Chinatown Cheap Eats

An inside look at one of Oakland's thriving micro-economies and why its produce is so affordable.

An avocado costs just 20 cents. A pound of baby bok choy will put you back about 60. And a box of naval oranges can be yours for a few bucks.

Oakland’s Chinatown, the crowded, colorful blocks that span from Broadway to Harrison Street, and from 12th Street to 6th, are ripe with produce deals like these. “In every city I’ve lived, Chinatown is the cheapest place to buy food,” said Mary Seal, who swung a 50 cent pomello in a plastic bag as she pushed her way through the bustle on a recent Saturday afternoon. “You know you can come here and find a deal if you’re on a budget.”

While it’s widely accepted among Chinatown shoppers that they’re getting bargain produce, few know why. And many shopkeepers are reluctant to share their secrets, insisting that they can keep prices low because they’re small, family-operated businesses with slim profit margins. Though that’s part of the equation, the strongest forces driving produce prices down in this booming micro-economy depend as much on Chinese food culture as on hard work and low overhead.

“I remember when I was a little girl back in China, my mother would go shopping every day,” recalled Lillian Hwong, who was perusing the Chinatown produce stands with her young daughter recently. “I would like to go, if not every day, at least every other day,” she said. “That way you don’t need a refrigerator. You just buy it and eat.”

Like Hwong, many of Chinatown’s shoppers prefer to shop daily, and to prepare their produce just hours after it’s bought. John Leung has owned Sam Yick Market for more than four decades, a bustling storefront lined with crates of fruits and vegetables that spill onto the sidewalk along Franklin Street. But a lot has changed in the neighborhood since Leung moved in. There are twice as many produce stands now than there were just fifteen years ago, so competition has gotten fiercer, he said. But one thing has stayed the same. The customers “come every day and they always buy a little bit,” he said.

The sheer volume of daily shoppers allows Leung to buy his produce ripe, since it won’t be sitting on his, or his customer’s, shelves for very long. And buying ripe means deep discounts for Chinatown storeowners like him.

At Oakland’s wholesale produce market, just a few blocks away, the vendors that sell to Chinatown know this fact well. “They kind of have the upper hand sometimes,” said Vu Huynh, who works for his parents’ small wholesale produce store, W.A. Rouse & Co. “If they don’t buy it, it will just sit there,” and the produce will lose value, he said.

That puts pressure on small-time wholesalers like W.A. Rouse who depend on Chinatown buyers to sell quickly — even if that means settling for low prices.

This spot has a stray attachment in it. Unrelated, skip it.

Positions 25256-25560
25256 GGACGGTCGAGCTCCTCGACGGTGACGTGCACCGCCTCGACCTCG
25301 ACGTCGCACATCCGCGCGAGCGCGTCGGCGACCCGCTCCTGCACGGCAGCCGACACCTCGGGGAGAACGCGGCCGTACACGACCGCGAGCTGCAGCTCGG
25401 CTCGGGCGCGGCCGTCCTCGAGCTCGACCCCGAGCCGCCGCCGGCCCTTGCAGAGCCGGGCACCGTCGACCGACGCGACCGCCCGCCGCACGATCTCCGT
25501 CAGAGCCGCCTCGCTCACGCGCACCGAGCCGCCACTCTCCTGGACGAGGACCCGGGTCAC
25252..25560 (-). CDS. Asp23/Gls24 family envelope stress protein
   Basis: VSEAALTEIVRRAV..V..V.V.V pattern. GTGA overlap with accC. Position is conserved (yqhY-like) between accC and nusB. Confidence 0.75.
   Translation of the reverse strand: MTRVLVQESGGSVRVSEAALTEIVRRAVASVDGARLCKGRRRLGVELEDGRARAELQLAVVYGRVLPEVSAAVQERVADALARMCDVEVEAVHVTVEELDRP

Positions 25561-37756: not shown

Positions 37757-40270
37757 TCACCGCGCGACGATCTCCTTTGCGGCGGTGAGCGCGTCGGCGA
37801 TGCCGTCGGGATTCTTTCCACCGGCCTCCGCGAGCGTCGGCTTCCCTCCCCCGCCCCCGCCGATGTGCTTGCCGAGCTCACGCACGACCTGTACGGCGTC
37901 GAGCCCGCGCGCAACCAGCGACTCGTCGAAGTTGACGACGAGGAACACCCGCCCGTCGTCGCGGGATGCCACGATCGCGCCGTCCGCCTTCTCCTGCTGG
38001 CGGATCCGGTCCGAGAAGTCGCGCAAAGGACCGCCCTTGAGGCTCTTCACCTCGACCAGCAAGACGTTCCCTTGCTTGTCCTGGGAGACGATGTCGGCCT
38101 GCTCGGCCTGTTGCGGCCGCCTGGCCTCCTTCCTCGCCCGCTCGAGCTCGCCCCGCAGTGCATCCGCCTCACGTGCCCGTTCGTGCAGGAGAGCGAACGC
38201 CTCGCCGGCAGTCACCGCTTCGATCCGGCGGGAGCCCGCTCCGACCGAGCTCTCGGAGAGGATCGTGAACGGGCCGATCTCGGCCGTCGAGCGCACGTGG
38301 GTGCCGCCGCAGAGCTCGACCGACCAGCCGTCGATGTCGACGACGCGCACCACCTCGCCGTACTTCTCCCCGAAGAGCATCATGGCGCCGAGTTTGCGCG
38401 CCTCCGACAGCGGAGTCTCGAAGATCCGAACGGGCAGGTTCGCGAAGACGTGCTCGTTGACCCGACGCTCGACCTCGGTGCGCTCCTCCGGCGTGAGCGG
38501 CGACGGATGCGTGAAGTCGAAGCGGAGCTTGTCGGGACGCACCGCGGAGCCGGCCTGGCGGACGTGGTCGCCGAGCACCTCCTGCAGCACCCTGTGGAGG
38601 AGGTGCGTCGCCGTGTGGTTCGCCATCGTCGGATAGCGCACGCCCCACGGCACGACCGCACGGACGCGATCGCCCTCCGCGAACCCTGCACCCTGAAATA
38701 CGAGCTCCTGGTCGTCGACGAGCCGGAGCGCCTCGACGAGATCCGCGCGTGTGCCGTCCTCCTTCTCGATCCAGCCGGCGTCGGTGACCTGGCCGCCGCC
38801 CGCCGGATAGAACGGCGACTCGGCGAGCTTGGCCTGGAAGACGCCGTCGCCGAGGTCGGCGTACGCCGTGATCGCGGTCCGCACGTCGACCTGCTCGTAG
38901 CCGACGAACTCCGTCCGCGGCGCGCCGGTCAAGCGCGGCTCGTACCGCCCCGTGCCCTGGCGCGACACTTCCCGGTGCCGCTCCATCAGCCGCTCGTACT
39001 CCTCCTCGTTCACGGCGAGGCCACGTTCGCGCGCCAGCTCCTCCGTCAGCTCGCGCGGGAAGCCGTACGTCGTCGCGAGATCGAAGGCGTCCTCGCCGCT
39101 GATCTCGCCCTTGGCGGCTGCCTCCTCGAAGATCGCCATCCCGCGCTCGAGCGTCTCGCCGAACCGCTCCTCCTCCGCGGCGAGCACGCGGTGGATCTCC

Anson Abdullah works at Golden Egg Co., just across the street from W.A. Rouse. For the last two years he’s sold eggs and other produce to Chinatown. “They are good businessmen,” said Abdullah, of the Chinatown storeowners. “They know their customers well.”

They are also some of the toughest hagglers Abdullah works with. Many Chinatown grocers buy together, pooling their resources to buy certain products — say grapefruits or lettuce — in mass quantities. Purchasing in volume and then distributing the crates among themselves means cheaper food for grocers. “Plus when you buy on a daily basis, there’s less to throw out at the end of the day,” added Abdullah. And less waste equals more value for customers.

Back in Leung’s store, the avocados are brownish-green and soft, begging to be split open and mashed into a batch of guacamole. The eggplants have nicks in their deep purple skin. Shoppers stream in and out carrying bags bursting with handfuls of carrots, small bunches of greens, and an orange or two. As Leung rings them up, few spend more than $15.

Almost all pay in cash. Leung, too, pays in cash when he makes his small daily produce purchases at the wholesale market. “I don’t pay credit; every time I pay cash,” he explained. “If you pay the money to them right away, they give you a cheaper price.”

Mike Gordon was one of the few customers at Sam Yick Market on a recent Saturday who wasn’t of Asian descent. Unlike most of his fellow shoppers, he doesn’t come often, just once a month or so, more for the thrill of the shopping experience than anything. He sifted through a box of strangely misshapen kiwis before deciding on a bright yellow mango and heading for the checkout line.

“The quality is the same, just the presentation is different,” Gordon insisted, examining his purchase. “You’re just getting fruit with character.”

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